“We need to start giving the permits back to Kern County, let's start getting oil independent in this country again and it starts right here in Kern County,” said Smith.
“We are getting penalized. They are holding up our permits - 1000 permits in drilling,” Flores said. “Oil demand is not going down. That demand is still there so why would we go overseas and import that oil via the tanker with more emissions of CO2 in the environment, the travel, the docking, when we can do it here cleaner, safer, better to make up that demand, we can do it.”
When it comes to some of the good things about the 3rd District, Flores believes the area has great intellectual capital with Bakersfield College and its many programs, along with unique landscapes like the Panorama Bluffs, Hart Park and the Kern River, which could appeal to business who are looking to set up shop.
“With respect to nature in our parks, thriving communities have good parks and that’s what some companies look for when they’re relocating they want to see that quality of life- what are some of the amenities,” said Flores.
Smith also believes the district is unique in its potential for businesses - many of which struggled during the pandemic and are now fighting to get customers back.
“When I see the people that are just relentless, and they’re going out there and they’re bouncing back and they’re bouncing back and they’re working hard and they’ve been at great odds but they still come back and are successful - that’s one of the greatest things I’ve seen,” said Smith.
He says if elected – he’d like to make it easier for business owners to thrive by reducing bureaucratic processes that could hamper their success and advocating for more funding from the state’s surplus to help them re-start after COVID.
Voters will not only have to decide who will represent them but they’ll also be faced with ballot two measures. One of them is a vote for or against a one percent sales tax increase for rural areas of Kern which includes residents in the 3rd District. Smith and Flores both agreed that it’s not a good time to impose another expense on residents.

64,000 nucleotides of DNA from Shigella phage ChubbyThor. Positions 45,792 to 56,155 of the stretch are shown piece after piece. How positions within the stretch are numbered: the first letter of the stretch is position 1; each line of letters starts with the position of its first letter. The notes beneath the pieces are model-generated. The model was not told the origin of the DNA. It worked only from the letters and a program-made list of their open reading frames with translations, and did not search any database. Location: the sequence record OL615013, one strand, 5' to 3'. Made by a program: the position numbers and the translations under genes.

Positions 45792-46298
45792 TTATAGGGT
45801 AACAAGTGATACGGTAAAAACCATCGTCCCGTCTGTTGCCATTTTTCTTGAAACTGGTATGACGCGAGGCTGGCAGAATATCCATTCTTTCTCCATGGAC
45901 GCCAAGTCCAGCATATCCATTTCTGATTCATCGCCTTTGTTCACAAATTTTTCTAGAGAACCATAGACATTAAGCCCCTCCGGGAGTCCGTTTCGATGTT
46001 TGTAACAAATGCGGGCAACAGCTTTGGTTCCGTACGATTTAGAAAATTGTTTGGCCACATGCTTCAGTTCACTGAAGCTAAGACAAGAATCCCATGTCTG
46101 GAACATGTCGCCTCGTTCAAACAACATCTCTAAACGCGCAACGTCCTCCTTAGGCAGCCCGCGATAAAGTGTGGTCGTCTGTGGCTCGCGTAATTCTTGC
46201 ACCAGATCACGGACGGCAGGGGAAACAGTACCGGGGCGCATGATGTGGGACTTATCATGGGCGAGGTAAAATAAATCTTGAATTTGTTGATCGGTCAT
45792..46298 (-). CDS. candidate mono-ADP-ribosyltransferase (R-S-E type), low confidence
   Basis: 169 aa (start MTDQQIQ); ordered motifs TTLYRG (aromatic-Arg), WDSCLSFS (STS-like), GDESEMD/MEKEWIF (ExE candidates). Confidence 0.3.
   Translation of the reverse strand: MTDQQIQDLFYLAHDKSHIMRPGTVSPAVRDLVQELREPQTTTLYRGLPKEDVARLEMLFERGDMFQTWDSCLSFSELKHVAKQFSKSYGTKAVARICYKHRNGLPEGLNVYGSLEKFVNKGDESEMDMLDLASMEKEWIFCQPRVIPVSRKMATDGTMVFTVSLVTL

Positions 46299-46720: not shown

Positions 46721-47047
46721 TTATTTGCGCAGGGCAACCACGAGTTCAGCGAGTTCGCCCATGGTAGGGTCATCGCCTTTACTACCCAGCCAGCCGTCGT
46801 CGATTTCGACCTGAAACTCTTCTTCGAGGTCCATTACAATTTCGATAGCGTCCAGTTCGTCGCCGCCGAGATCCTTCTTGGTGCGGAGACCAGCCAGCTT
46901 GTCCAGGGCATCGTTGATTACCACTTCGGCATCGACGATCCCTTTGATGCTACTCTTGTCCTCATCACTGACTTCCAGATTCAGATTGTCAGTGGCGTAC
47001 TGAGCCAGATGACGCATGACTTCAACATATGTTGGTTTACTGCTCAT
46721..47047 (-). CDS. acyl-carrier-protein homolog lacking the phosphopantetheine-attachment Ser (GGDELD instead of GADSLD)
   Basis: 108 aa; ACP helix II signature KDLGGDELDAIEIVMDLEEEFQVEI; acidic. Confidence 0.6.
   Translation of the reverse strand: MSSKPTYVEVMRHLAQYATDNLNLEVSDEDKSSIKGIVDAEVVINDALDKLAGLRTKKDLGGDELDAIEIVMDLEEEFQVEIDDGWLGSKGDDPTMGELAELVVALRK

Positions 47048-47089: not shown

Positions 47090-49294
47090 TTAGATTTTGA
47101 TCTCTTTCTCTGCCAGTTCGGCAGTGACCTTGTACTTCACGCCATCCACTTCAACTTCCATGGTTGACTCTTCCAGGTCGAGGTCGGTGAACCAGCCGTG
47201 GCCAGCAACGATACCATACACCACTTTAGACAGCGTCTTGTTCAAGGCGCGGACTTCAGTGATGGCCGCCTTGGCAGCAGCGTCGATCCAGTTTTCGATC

“The people are taxed to death right now; every time we turn around we’re getting hit with more money, people don’t need another tax,” said Smith. “We’re hitting these people - they don’t see a raise coming, they don’t see social security being raised, but now we’re gonna take more money from them to take this? How about we tighten our belts up for a while, how about we make sure we prioritize better. We may have to make some cuts on certain things, I wanna take a look at each department to see.”
Flores echoed his stance that he says he first mentioned in a debate before the June primary.
“Right now is not the time for a tax - with unprecedented inflation, with unprecedented high prices in gas in the heels of covid, quite frankly we’re not out of Covid I think there’s an uptick, businesses are suffering, families are suffering, incomes are suffering, now is not the time for a sales tax,” he said. “I feel the citizens of the 3rd District would be impacted by that.”
The second ballot measure before voters will look at term limits for the Board of Supervisors. Smith says he’s for the change - adding ‘a new broom sweeps the cleanest’.
“Let’s get in, let's do a great job while you're in there and then let’s get new people with fresh ideas who are motivated to move on,” he said.
Flores tells 23ABC he’s against the initiative and that there are already term limits with the current election process.
“The people have a chance to speak every election cycle and we shouldn’t have outside special interests trying to impose their term limits on the Board,” said Flores. “That’s the discretion of the voter.”’
The general election is on November 8th; both candidates encourage their constituents to make their voices heard and their votes count.
WATCH THE FULL INTERVIEWS BELOW:
3RD DISTRICT CANDIDATE BRIAN SMITH
3RD DISTRICT CANDIDATE JEFF FLORES